Emerald Ash Borer (EAB) has arrived in Onondaga County and will eventually kill every ash tree not inoculated to protect them against EAB infestation. The prospect of the loss of all ash trees in the County (approximately 1 out of every 9 trees) carries with it potentially significant ecological, recreational, economic, public safety and quality of life implications.
The goal of managing ash trees on County-owned land includes cost-effectively: 1) ensuring public safety; and 2) retaining some of the ecological and social benefits that the ash trees currently provide. A proposed Comprehensive Ash Tree Management Strategy has been developed to guide the County’s efforts to manage ash trees on County-owned property, and is now under consideration.
The County began preparing for the arrival of EAB in earnest in 2012 when the County Executive requested that the County Legislature appropriate funding to carry out an inventory of ash trees on County-owned property, an essential first step in developing this comprehensive ash tree management strategy. (Portions of the inventory were funded by the New York State Department of Environmental Conservation, Environmental Protection Fund). During the past two years the County has also been reaching out to communities across the United States that have already been dealing with or preparing for an EAB invasion, with the intent that the County’s ash tree management strategy reflect and integrate the insights and lessons learned from communities that have been dealing with EAB infestations for a number of years. This effort was enhanced in 2013 by a collaborative effort with the Syracuse University Maxwell School. The “Capstone Student Project” involved graduate students from the Syracuse University Maxwell School of Communication who interviewed and engaged in conversations with urban forestry and municipal park staff and other City and County officials in 18 states, generating 32 case studies of how they have been dealing with or preparing for the Emerald Ash Borer.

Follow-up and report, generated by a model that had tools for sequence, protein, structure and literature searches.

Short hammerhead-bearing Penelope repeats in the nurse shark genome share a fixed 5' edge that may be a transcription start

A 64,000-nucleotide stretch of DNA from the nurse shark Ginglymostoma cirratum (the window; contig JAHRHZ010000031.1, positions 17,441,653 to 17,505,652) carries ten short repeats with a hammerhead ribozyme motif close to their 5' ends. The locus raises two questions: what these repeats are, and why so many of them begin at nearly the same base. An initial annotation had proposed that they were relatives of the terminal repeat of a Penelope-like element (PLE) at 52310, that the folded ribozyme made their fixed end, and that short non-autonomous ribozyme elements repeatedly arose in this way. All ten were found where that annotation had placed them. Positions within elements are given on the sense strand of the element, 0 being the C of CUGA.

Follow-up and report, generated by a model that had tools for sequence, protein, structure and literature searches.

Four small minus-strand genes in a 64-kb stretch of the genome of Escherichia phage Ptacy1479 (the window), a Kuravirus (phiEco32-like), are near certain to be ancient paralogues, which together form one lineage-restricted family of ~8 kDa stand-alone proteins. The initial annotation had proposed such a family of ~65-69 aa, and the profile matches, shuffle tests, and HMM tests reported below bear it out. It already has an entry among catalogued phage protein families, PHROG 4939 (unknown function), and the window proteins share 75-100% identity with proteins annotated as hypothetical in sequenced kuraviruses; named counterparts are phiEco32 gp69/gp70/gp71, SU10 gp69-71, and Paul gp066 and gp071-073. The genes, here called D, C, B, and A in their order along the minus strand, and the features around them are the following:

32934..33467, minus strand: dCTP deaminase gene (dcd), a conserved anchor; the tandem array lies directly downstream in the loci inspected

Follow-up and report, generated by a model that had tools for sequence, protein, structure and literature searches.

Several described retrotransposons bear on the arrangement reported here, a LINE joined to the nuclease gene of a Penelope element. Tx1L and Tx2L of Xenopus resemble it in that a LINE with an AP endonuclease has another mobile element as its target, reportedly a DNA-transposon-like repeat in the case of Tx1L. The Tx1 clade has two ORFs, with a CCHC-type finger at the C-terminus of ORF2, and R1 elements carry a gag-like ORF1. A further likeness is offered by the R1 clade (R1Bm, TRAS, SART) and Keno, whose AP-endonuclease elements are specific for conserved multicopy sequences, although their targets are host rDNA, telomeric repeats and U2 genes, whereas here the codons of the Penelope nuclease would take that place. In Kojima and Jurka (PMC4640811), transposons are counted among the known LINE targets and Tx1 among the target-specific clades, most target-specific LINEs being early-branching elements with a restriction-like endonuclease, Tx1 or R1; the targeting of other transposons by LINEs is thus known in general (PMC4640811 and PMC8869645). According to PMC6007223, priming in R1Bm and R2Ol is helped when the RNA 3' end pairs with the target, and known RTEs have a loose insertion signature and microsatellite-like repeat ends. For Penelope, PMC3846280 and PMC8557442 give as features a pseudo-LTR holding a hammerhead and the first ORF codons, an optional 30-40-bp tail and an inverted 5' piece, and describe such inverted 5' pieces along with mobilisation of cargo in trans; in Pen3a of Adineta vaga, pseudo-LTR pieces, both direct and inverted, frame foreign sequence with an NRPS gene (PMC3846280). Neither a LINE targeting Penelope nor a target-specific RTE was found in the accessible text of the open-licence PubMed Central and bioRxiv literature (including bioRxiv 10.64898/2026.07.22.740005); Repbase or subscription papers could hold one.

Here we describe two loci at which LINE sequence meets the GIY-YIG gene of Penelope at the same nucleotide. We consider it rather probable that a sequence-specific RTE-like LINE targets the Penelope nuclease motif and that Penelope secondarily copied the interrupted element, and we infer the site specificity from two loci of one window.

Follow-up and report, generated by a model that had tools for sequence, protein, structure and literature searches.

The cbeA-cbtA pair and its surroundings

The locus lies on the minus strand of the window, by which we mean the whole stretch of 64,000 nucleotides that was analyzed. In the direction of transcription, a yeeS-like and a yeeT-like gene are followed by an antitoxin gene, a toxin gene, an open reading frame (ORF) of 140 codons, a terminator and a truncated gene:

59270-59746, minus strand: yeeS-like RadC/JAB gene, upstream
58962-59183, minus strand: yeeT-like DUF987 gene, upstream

The options available to the County for dealing with EAB and ash trees on County-owned property are relatively straightforward, and include: 1) preemptive removal prior to tree mortality; 2) protection and preservation of ash trees with pesticides; and 3) planting of new, non-host trees to replace the functions provided by those trees lost to EAB. These same options are available to, and need to be considered by private property owners.